There's more to the composite rating chart

In my previous post, I sketched a set of charts to illustrate composite ratings of maps platforms (e.g. Google Maps, TomTom). Here is the sketch again:

Redo_mapsplatformsratings.002

For those readers who are interested in understanding these ratings beyond the obvious, this set of charts has more to offer.

Take a look first at the two charts on the left hand side.

Redo_junkcharts_autoevolution_ratings_left

Compare the patterns of dots between the two charts. You should note that the Maps Data ratings (blue dots) are less variable than the Platform ratings (green dots).

For Maps Data, the range is from 30 to 85 (out of 110) but the majority of the dots line up around 50.

For Platform, the range is 20 to 70 (out of 90) and the dots are quite spread out within this range.

This means competitiveness based on Platform is more differentiating among these brands than is Maps Data.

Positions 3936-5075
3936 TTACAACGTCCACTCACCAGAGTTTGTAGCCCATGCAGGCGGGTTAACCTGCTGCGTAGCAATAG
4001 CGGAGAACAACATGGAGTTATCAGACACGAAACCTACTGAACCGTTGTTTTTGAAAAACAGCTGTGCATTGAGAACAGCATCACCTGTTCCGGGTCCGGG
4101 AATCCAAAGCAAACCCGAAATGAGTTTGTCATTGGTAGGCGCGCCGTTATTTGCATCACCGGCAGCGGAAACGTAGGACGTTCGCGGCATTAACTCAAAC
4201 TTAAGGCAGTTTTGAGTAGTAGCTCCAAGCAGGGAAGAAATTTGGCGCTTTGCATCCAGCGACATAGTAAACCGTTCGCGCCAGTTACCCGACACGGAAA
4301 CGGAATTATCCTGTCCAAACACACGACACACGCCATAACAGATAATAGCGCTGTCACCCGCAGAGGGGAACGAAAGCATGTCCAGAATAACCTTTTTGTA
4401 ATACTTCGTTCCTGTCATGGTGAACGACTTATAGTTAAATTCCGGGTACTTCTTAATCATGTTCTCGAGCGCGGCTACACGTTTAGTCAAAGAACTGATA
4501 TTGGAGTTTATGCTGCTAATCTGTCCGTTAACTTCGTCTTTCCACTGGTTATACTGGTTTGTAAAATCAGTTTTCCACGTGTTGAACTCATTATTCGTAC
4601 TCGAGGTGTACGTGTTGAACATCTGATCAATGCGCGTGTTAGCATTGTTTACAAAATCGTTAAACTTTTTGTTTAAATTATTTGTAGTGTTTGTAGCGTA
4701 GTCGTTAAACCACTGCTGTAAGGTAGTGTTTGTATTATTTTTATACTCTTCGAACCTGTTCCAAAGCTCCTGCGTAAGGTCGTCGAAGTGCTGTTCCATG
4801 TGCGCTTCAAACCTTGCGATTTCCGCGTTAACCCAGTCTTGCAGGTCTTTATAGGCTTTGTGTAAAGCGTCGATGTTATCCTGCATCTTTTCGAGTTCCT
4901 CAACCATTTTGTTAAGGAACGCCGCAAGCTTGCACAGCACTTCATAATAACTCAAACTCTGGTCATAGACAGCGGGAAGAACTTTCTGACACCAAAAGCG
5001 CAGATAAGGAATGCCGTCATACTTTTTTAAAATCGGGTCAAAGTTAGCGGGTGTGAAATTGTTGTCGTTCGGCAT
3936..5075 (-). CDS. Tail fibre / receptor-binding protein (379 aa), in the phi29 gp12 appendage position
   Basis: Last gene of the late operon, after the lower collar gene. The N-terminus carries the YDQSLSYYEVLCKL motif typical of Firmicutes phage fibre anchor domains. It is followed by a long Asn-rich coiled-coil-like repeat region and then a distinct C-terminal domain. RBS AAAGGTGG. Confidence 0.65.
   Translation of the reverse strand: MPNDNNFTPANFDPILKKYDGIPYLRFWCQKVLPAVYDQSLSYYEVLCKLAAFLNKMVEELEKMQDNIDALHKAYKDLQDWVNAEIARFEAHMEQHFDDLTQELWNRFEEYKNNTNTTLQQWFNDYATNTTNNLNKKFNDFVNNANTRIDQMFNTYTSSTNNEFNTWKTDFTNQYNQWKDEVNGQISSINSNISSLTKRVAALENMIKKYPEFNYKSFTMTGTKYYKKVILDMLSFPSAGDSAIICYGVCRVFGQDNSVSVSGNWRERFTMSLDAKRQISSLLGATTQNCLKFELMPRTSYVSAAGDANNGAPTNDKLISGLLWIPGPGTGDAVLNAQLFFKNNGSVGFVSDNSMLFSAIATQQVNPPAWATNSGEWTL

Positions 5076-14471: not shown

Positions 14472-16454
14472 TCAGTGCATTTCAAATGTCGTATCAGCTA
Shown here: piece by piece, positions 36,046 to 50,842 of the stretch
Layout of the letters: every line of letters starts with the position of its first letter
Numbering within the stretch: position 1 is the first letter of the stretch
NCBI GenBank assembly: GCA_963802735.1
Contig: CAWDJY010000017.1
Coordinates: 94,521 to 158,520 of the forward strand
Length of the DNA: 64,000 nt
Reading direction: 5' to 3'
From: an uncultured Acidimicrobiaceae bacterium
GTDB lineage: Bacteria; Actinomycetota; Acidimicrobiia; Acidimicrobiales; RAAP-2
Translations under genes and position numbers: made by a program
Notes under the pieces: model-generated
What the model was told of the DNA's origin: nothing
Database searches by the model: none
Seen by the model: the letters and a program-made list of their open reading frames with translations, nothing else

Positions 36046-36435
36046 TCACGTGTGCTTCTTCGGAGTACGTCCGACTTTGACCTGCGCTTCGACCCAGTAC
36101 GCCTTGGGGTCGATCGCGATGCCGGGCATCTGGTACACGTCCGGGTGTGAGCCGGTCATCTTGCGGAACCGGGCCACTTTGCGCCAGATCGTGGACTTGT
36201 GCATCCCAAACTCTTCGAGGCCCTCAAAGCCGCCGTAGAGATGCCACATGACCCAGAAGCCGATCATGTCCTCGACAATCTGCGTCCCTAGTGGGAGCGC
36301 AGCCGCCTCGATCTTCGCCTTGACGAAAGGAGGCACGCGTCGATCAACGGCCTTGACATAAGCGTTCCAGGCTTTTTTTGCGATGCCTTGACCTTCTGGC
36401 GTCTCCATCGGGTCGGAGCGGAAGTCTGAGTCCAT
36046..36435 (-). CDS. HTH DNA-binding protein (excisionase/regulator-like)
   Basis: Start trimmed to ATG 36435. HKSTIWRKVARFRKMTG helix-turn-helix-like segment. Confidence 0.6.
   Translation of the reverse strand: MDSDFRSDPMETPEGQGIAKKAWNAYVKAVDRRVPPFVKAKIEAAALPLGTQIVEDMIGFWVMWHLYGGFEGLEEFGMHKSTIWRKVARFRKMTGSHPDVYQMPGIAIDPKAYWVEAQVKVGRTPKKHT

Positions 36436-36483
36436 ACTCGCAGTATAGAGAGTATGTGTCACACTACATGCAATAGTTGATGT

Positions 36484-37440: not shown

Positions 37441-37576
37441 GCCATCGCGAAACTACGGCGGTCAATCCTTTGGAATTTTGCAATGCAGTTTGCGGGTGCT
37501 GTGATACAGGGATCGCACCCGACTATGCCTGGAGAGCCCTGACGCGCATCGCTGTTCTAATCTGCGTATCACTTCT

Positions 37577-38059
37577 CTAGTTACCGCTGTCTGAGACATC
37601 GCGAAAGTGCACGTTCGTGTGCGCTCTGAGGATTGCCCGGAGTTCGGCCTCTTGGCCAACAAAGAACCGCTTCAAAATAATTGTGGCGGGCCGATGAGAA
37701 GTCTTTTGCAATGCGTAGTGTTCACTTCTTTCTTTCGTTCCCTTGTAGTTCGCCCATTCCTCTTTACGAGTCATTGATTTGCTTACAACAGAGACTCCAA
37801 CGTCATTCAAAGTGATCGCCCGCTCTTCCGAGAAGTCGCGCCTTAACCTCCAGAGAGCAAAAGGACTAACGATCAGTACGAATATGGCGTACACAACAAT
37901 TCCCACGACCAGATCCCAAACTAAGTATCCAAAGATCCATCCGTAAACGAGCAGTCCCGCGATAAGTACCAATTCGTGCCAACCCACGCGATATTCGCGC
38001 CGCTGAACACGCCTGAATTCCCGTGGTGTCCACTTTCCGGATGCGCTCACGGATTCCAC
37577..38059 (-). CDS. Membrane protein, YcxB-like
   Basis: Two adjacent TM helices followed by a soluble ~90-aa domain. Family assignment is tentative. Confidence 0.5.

In the previous post, I already noted that the other key insight is that the Maps Data values hang quite closely to the overall average ratings while the Platform values are much less correlated.

***

Another informative observation can be found in the bottom row of charts.

The yellow dots (Developer Ecosystem) are mostly to the right of the overall ratings, meaning most of these brands were given scores on Developer Ecosystem that are higher than their average scores.

That is not the case with the green dots (Platform). For this sub-rating, most of the brands score lower than they do in the overall rating.

Redo_junkcharts_autoevolution_ratings_bottom